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Vitamins | Nutrients that Do Not Produce Energy | Unit 3
Terms in this set (19)
a group of nutrients found in living plants and animals. they do not provide energy. they work to release energy from fats, carbs, and proteins in the foods you eat. assist in forming bone and tissue. help your cells function. most of those you need must be consumed through food
why should we eat right (vitamins)
you need vitamins to survive. certain combos of vitamins work best. it is best to consume vitamins through foods.
- protect your immune system
- promotes healthy skin and eyesight
- improves the bodys resistance to infection
- aids in immune function, reproduction, and bone growth
-stored in the liver
- small amounts are found in chemical forms in humans tissue called retinoids(name related to the vitamin's critical effect on vision (and particularly on the retina of the eye).
- found in dairy products, green and yellow veggies, the darker the green the higher in vitamins A
how does vitamin A contribute to improve the bodys resistance to infection?
by maintaining the health of the skin, mucous membranes, and other surface linings (for example, the intestinal tract) so that harmful bacteria and viruses can't get into your body
- one of the most potent vitamins to your health
- 8 vitamins in the B complex
- helps your body regulate appetite and digestion, keeps your nervous system healthy, and helps your body release energy, especially from carbohydrates.
- pork is a good source of this vitamin
helps your body release energy from food, keeps your eyes healthy, and helps keep your skin healthy. Good sources of riboflavin include whole-grain breads and cereals; dairy products, such as milk and cheese; meat, especially liver; fish; poultry; and eggs. water souble
it keeps your nervous system healthy and helps your body use protein and fat. Good sources of niacin (B3) include whole-grain breads and cereals, poultry, meats and fish, and peanuts and peanut butter.
folic acid (B9)
occurs naturally in foods. helps your body produce and maintain cells. It also is one of the few nutrients known to prevent neural tube defects ("neural tube" refers to the brain and spinal cord during embryonic development) such as spina bifida, which affects about one in 1000 pregnancies each year in the United States. Good sources of folate include leafy, green vegetables (such as spinach and turnip greens); citrus fruits; and dried beans and peas. lowers the amount of triglycerides in your body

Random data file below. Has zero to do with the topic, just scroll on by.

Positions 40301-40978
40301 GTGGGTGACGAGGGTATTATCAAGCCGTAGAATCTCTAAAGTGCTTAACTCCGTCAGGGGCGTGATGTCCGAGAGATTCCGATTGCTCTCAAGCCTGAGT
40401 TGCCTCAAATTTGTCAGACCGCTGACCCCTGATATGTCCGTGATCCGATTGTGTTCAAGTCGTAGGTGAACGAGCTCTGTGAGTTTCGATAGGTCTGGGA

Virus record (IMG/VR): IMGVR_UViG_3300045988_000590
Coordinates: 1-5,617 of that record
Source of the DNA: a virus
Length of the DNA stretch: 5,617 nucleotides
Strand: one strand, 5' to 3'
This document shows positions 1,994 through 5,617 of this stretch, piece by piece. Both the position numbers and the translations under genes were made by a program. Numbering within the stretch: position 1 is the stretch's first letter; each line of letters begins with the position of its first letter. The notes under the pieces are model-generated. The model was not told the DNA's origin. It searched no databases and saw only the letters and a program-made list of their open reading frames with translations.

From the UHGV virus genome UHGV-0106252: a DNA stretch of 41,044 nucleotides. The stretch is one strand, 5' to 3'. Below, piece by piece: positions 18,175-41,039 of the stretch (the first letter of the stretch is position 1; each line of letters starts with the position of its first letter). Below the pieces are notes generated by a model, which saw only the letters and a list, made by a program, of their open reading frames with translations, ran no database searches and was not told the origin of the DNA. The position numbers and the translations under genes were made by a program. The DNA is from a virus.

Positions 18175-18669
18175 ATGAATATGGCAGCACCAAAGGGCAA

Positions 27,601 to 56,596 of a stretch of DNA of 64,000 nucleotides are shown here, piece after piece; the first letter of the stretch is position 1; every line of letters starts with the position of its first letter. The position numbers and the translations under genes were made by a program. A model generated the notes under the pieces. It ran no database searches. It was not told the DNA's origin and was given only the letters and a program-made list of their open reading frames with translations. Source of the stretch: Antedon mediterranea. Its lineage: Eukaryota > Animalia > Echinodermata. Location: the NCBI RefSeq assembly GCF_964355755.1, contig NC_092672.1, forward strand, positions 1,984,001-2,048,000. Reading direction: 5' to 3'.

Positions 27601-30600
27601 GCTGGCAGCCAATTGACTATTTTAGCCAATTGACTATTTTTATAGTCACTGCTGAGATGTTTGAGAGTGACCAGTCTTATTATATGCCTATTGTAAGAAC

important to maintain the health of your metabolism, blood cells and nerves.
Pantothenic Acid (B5)
a water-soluble vitamin. Pantothenic acid is an essential nutrient. Animals require pantothenic acid in order to synthesize coenzyme-A, as well as to synthesize and metabolize proteins, carbohydrates, and fats. (wiki)
Water-soluble vitamin, also known as vitamin H, helps fats/carbs/protein release energy, helps with cell growth. Deficiency includes hair loss, cracking skin, mucous membrane issues, etc. Healthy sources include nuts, legumes, soy beans, whole-grains and cauliflower.
vitamin C - ascorbic acid
helps you fight infections, helps wounds heal, and keeps teeth and gums strong. found particularly in citrus fruits and green, leafy vegetables.
what is scurvy ?
Long ago, people had minimal access to foods rich in vitamin C. As a result, some developed a disease called "scurvy." symptoms include bleeding gums, loose teeth, wounds that don't heal, and joint and muscle pain.
helps your body absorb calcium, which results in strong bones and teeth. This vitamin is sometimes considered the "sunshine" vitamin because your body uses your skin to convert the sun's ultraviolet rays into vitamin D. Without sufficient vitamin D, children can develop a skeletal disease called rickets, which can cause brittle, misshapen bones. Vitamin D is added to milk and some cereals. Egg yolks, fish (salmon, tuna, and sardines) and fish oils, and meats also are good sources of this vitamin.
Vitamin E helps repair DNA and plays a role in immune functions and other metabolic processes.
You can get vitamin E by eating fortified cereals; green, leafy vegetables; nuts (such as peanuts—including peanut butter); and vegetable oils. one of the antioxidant vitamins.
work to protect your body from excess "free radicals." Free radicals are byproducts of the breakdown of food to form energy. Although the body needs some free radicals, too many can cause the destruction of cells. Scientists believe that free radicals are at least partly the cause of many diseases that occur as we age.
blood clotting vitamin. body forms half of the vitamin. you need the other half from food. found in leafy vegetables, cheese, liver, asparagus, coffee, bacon, and green tea.
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